Maryland's strategy has been to mandate forward migration, currently 20 percent renewables by 2022. We know the results will be unfortunate because Ontario Canada has already been there. Over the past decade or so, Ontario has reduced power system carbon emissions by 80 percent to from 1990 levels. But all is not well in Ontario.
A low-risk path to sustainable Maryland electricity
In May, Gov. Larry Hogan vetoed Maryland's Clean Energy Jobs Act, which accelerates the state's Renewable Portfolio Standard from 20 percent by 2022 to 25 percent by 2020. This is a big bill; the total cost of installing enough wind and solar to deliver 25 percent of Maryland's electric power approximates $12 billion. As Ontario is discovering, the risk is underutilized or stranded assets. A wise General Assembly would let that veto stand and then reevaluate clean energy choices after a thorough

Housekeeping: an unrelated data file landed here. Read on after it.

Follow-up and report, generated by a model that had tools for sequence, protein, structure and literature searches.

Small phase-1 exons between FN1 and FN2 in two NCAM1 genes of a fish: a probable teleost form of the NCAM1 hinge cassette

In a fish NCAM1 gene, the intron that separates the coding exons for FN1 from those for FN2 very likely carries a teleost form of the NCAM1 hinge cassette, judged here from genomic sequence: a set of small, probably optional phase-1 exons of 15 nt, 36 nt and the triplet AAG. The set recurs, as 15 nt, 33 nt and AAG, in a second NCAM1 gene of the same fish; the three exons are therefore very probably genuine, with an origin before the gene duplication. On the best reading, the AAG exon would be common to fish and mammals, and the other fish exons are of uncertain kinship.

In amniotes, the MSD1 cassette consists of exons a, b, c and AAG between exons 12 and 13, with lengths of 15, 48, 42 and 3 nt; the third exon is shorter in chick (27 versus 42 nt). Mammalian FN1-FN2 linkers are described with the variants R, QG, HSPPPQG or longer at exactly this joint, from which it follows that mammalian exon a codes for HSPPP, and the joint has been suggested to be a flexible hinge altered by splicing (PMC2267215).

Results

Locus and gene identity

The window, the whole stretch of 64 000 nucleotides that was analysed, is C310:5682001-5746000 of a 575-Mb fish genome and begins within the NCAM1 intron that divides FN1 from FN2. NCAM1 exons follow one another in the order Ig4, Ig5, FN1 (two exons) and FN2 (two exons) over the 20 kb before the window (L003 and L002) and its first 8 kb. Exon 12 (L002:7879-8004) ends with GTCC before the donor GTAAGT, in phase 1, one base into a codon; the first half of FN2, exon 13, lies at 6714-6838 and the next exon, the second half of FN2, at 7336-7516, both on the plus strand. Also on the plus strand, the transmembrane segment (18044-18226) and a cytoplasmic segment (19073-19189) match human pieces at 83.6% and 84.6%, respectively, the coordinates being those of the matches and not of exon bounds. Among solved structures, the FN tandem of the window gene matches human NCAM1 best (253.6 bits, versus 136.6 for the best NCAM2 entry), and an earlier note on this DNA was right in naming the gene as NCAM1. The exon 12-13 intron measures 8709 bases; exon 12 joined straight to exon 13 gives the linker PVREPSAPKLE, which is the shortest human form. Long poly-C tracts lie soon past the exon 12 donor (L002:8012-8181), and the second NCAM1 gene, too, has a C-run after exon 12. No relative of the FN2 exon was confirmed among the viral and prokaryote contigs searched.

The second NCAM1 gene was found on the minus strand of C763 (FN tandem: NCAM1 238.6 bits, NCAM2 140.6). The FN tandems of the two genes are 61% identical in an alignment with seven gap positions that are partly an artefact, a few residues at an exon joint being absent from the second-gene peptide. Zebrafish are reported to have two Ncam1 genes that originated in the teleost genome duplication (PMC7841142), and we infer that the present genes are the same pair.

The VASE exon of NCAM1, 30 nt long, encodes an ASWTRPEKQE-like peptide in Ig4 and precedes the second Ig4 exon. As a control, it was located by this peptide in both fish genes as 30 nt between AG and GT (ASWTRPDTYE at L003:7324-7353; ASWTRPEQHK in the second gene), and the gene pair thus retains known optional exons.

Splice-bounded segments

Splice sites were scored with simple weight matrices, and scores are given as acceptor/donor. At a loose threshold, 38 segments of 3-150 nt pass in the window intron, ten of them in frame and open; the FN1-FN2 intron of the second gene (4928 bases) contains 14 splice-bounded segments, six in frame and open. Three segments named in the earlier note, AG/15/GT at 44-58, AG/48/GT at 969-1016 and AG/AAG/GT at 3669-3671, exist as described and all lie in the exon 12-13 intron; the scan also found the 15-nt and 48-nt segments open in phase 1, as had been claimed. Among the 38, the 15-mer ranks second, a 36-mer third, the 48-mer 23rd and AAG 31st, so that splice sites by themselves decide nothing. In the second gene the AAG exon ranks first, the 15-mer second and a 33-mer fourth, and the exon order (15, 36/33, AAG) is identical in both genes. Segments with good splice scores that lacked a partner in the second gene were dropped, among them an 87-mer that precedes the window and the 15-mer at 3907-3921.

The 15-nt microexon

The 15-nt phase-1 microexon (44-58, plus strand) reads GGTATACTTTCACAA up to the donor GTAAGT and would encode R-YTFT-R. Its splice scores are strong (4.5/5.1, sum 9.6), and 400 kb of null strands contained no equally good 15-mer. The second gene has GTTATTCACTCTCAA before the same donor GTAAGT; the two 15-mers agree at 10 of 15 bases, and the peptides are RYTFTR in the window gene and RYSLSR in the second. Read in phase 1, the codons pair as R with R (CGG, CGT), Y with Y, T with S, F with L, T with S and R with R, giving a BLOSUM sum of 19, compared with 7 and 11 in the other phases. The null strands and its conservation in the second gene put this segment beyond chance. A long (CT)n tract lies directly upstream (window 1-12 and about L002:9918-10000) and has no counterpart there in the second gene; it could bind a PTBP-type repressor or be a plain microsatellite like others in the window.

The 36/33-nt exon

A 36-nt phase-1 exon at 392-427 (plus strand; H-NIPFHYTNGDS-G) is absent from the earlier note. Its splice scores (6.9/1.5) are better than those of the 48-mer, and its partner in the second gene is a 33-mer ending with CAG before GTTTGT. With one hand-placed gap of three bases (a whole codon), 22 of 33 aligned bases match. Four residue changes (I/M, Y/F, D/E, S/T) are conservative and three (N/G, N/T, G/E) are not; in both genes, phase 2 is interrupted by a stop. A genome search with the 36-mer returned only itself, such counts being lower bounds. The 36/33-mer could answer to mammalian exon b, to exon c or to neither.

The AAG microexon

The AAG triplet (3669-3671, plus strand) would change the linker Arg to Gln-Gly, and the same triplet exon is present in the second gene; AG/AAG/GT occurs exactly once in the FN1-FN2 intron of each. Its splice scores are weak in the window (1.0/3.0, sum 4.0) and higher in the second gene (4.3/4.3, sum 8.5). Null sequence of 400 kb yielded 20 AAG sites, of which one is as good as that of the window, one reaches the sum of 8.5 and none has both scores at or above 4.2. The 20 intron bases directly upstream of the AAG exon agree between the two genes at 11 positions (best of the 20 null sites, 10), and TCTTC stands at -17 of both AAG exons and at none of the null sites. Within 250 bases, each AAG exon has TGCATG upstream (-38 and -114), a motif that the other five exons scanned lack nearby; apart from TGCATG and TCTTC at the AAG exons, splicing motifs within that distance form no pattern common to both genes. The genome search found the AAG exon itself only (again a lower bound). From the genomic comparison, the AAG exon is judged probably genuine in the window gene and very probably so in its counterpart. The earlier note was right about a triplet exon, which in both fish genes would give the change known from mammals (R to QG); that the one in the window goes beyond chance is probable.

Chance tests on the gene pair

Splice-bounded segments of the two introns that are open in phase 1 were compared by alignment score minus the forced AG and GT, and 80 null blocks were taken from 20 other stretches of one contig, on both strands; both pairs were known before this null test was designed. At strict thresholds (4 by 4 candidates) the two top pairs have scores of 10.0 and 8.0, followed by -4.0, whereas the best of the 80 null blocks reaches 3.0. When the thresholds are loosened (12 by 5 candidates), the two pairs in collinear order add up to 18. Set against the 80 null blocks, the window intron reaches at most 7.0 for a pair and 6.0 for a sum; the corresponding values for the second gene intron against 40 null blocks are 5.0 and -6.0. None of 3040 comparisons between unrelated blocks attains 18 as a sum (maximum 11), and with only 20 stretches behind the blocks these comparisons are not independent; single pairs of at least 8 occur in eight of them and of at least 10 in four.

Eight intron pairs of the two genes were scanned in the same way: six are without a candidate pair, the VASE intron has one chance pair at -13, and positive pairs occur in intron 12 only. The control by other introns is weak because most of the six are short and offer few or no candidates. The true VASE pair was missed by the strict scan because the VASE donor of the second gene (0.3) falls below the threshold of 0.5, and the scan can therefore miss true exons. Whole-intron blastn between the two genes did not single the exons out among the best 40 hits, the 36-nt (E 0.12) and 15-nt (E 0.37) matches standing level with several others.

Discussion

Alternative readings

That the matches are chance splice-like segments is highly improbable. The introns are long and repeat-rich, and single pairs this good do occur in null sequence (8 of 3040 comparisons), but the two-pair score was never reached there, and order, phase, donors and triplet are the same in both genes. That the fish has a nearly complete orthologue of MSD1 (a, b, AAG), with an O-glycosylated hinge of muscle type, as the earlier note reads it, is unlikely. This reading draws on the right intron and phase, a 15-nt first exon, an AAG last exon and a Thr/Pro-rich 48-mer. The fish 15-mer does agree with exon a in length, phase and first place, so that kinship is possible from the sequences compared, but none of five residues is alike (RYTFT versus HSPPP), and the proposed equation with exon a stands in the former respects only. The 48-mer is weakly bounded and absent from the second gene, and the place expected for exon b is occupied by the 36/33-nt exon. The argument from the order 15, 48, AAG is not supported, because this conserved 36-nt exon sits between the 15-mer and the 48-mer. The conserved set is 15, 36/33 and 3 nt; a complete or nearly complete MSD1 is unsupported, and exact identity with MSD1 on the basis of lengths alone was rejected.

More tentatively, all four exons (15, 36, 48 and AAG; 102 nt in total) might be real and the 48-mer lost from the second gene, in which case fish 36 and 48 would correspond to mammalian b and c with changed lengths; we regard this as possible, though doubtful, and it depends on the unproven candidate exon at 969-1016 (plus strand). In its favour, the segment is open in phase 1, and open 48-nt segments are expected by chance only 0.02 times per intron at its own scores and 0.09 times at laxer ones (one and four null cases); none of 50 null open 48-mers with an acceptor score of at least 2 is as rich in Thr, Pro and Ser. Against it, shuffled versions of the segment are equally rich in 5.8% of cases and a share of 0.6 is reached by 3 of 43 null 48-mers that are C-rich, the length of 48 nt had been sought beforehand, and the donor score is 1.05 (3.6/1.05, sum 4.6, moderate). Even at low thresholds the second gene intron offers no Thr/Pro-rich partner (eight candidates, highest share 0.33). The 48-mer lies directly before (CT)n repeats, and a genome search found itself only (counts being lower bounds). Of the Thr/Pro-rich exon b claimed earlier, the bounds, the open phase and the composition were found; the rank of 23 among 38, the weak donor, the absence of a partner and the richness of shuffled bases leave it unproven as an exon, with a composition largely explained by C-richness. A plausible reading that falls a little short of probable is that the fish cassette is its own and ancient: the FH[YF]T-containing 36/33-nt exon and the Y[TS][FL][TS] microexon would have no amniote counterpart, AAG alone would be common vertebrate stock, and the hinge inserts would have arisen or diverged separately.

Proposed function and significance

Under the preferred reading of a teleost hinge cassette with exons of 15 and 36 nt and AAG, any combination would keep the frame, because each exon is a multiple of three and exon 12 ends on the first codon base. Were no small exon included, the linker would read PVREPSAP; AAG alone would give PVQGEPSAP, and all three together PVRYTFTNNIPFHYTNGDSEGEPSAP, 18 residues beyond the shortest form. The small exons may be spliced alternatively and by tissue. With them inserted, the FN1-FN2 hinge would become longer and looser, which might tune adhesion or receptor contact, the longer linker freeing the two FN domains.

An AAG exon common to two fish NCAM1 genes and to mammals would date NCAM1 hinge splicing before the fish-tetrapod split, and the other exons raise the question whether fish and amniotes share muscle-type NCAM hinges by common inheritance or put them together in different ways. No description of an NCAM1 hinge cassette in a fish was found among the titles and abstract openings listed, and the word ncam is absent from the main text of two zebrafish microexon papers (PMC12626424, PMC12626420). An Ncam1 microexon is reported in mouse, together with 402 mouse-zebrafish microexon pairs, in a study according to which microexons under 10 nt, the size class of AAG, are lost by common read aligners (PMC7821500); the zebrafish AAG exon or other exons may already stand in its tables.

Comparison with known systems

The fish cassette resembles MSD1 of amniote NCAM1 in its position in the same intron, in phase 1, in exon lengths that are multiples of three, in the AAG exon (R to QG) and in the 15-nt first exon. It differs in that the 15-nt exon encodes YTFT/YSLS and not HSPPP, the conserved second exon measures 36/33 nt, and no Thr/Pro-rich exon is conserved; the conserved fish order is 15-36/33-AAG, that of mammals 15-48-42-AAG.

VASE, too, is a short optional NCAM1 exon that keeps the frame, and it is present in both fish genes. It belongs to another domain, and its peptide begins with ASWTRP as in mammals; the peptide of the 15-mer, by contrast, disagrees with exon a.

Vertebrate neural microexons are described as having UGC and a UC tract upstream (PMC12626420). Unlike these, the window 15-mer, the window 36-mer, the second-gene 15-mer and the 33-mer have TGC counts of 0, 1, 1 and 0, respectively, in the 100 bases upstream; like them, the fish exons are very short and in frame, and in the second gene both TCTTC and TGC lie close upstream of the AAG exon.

While their achievement is unprecedented, it was not well planned. Ontario learned that while wind and solar work well on high carbon systems, intermittency inhibits the ability to reach a zero-emission system. Ontario electricity prices increased by 70 percent, industry is leaving, and politicians are losing their jobs.
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